Risks of severity and readmission of Indigenous and non-Indigenous children hospitalised for bronchiolitis

E BAILEY, C MACIENNAN, Peter Morris, Sue Kruske, N BROWN, Anne Chang

    Research output: Contribution to journalArticlepeer-review


    Objective: To describe the characteristics of children admitted to Royal Darwin Hospital with bronchiolitis, and to compare the severity of illness and incidence of subsequent readmission in Indigenous and non-Indigenous children. Design, Setting and Participants: Retrospective study of 101 children (aged ?2 years) hospitalised with bronchiolitis to Royal Darwin Hospital between April 2005 and December 2006. Main Outcome Measures: Admission characteristics and indices of severity, treatment required (antibiotics etc.), reasons and incidence of readmissions (within 6 months). Results: Indigenous children had significantly more severe illness then non-Indigenous children (n = 80 and 21, respectively), longer hospital stay (median = 6 and 3 days; P = 0.001) and oxygen requirement (median = 3 and 0; P = 0.004), pneumonia (n = 14 and 0; P = 0.04) and antibiotics treatment (48 and 4; P = 0.001). The readmission rate for bronchiolitis was high (23%) with no significant difference between Indigenous and non-Indigenous children. Conclusion: Indigenous Australian children hospitalised with bronchiolitis have significantly more severe illness than non-Indigenous children. Points of intervention that can address this and the identified high readmission rate (within 6 months) are required. � 2009 Paediatrics and Child Health Division (Royal Australasian College of Physicians).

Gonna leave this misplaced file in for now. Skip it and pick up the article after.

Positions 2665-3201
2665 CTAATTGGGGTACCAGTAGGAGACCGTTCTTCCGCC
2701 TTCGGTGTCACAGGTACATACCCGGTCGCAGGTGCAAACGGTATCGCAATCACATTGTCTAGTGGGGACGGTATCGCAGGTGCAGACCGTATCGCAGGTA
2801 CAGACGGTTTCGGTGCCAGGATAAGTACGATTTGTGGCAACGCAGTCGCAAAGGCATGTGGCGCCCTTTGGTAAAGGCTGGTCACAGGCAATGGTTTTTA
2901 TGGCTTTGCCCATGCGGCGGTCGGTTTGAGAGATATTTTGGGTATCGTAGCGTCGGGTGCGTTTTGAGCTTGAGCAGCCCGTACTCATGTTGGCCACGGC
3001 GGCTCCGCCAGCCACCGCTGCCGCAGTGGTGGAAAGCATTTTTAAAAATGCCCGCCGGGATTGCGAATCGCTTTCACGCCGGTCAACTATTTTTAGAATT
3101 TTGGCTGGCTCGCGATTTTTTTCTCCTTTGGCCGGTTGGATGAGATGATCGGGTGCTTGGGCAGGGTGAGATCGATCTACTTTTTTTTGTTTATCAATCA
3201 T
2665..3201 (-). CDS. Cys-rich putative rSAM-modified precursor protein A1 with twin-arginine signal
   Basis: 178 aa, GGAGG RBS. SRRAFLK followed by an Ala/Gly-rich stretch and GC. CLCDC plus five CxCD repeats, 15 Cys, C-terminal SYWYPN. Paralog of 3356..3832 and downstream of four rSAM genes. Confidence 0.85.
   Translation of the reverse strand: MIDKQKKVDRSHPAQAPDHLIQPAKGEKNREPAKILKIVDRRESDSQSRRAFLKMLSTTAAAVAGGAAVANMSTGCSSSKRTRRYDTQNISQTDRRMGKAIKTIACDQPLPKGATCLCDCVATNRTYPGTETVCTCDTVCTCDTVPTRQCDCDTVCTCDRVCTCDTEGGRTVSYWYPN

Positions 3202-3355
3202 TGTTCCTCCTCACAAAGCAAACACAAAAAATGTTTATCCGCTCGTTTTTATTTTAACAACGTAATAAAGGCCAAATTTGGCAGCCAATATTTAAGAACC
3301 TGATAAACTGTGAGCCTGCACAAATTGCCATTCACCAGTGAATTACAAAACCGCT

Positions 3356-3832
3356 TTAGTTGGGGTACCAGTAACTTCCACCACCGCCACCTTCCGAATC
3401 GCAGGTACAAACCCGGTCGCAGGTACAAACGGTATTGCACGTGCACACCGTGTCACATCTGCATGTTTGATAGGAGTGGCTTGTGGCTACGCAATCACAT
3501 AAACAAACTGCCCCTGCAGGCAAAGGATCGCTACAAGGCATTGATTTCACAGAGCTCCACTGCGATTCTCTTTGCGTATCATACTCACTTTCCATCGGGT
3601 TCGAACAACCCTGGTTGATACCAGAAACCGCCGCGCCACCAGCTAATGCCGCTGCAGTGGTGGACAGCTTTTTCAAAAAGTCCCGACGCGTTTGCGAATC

Original languageEnglish
    Pages (from-to)593-597
    Number of pages5
    JournalJournal of Paediatrics and Child Health
    Issue number10
    Publication statusPublished - 2009


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